23-year-old Salissou Hassane Yari Latifa, from Niger, is Miss Geek Africa 2018, the continental competition that brings together girls from science and technology fields.
The University student beat a field of nine other competitors during a contest held on the sidelines of Transform Africa Summit 2018, to win the second edition of the continent's Miss Geek competition.
The competition is designed to inspire African girls to be part of solving the continent's challenges using technology and encourage them to choose a career in Science, Technology, Engineering and Math (STEM).
Salissou walked away with a Rwf3 million cash prize and a ticket to travel to any international conference, courtesy of Smart Africa.
She developed a mobile phone application called Saro App that allows people to alert emergency services and inform them of the itinerary to take to reach the location. It will also allow emergency services to send crucial practical first-aid information before they get there.
The winner had earlier said that Saro, which means security in Hausa, is an innovative solution that could improve response time for frequent accidents in Africa.
Salissou was one of the five girls who reached the final, but the semi-final attracted 10 contestants from seven African countries who are members of Smart Africa.
Organisers highlighted that this year's competition attracted over 200 applicants, and that they were planning to make it bigger and better.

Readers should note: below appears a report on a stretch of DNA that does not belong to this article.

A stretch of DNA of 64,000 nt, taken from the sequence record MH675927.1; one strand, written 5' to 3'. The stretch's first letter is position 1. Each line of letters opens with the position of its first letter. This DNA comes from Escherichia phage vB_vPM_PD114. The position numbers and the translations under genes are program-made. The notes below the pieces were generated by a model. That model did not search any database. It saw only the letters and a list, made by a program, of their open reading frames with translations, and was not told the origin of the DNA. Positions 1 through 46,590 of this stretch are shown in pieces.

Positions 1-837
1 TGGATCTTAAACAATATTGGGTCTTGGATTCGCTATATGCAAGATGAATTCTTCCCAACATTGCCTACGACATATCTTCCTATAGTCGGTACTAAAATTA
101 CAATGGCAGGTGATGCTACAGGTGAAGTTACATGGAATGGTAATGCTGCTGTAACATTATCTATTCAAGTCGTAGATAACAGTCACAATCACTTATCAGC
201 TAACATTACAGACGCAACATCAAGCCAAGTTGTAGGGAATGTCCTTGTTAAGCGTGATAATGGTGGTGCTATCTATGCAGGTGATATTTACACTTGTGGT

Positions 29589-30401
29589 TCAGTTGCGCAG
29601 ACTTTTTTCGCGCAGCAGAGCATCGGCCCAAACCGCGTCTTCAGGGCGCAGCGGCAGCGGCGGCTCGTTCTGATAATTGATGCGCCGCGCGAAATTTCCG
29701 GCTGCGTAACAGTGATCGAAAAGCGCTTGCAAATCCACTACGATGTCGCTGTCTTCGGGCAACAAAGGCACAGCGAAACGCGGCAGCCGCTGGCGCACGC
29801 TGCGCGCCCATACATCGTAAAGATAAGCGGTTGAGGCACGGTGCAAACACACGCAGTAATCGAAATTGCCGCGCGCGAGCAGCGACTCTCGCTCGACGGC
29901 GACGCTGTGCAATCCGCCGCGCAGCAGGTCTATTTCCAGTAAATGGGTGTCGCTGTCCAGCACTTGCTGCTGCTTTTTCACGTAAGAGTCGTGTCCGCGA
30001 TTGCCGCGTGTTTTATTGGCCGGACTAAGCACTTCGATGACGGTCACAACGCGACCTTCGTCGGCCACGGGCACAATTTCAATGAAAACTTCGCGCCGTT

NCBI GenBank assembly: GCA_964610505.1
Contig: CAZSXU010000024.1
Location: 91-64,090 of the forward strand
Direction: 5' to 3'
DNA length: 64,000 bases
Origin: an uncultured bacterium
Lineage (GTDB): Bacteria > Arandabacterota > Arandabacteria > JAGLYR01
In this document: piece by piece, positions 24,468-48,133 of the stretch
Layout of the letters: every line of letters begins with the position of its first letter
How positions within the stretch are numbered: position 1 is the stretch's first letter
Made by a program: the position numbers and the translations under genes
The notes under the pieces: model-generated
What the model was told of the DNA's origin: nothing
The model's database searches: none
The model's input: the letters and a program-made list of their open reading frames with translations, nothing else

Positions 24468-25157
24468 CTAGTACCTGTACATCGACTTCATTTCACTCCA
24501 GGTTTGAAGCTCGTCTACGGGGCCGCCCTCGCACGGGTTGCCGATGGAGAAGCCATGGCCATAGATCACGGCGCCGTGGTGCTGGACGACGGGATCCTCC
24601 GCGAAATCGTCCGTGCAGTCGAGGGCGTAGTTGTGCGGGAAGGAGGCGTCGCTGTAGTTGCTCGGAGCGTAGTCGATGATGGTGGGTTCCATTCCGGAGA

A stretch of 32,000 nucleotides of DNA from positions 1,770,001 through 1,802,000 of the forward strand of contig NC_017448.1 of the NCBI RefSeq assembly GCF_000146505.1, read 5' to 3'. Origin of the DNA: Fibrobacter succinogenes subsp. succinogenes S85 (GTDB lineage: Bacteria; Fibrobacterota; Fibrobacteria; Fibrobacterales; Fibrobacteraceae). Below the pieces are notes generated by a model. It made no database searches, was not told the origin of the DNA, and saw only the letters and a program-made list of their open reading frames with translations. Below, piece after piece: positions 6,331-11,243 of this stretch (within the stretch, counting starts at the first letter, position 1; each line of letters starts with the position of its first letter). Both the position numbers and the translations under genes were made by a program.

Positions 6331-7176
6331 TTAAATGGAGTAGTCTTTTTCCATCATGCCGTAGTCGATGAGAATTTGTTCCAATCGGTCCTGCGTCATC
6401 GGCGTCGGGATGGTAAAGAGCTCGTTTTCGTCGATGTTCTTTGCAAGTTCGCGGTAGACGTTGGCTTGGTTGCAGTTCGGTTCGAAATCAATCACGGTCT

"A deserving win for Salissou who presented an innovative app as a quick response to road accidents, addressing a challenge emanating from a growing middle-class in Africa. Innovative and well thought through," said Patience Mutesi, one of the judges.
Ndeye Fatou Mboup, from Senegal, was the first runner-up. She created a fully smart granary that could help farmers and small-scale traders in the region preserve vegetables and fruits.
The other three finalists were all Rwandans.
Christelle Mazimpaka was the second runner-up of the competition and was given Rwf1 million. She highlighted the challenge of matching small businesses in Africa with small investors and proposed a web platform and mobile App, the ISI Circles, where business plans and models can be shared.
Sylvie Mahoro, who showcased a translation App that would enhance communication, was the third runner-up. Alida Umurungi was the fourth runner-up.
All the ten girls were also given certificates and other assorted prizes, including laptops and modems.
Last year, Ruth Waiganjo, from Kenya, was crowned the inaugural Miss Geek Africa. However, the competition had been running since 2014
Miss Geek went continental last year after organisers, Girls in ICT Rwanda, entered into partnership with Smart Africa Secretariat. The idea to scale the competition to the continental level was to provide more opportunities to innovative women across the continent.
Girls in ICT Rwanda is a group of women professionals in STEM, who have come together to be role models for Rwandan girls and encourage them to consider careers in STEM fields.
Miss Geek has given girls a platform to express themselves openly; they are given opportunities to step out of their comfort zone, and explore what the STEM fields have to offer with hope that they too become role models for younger generations.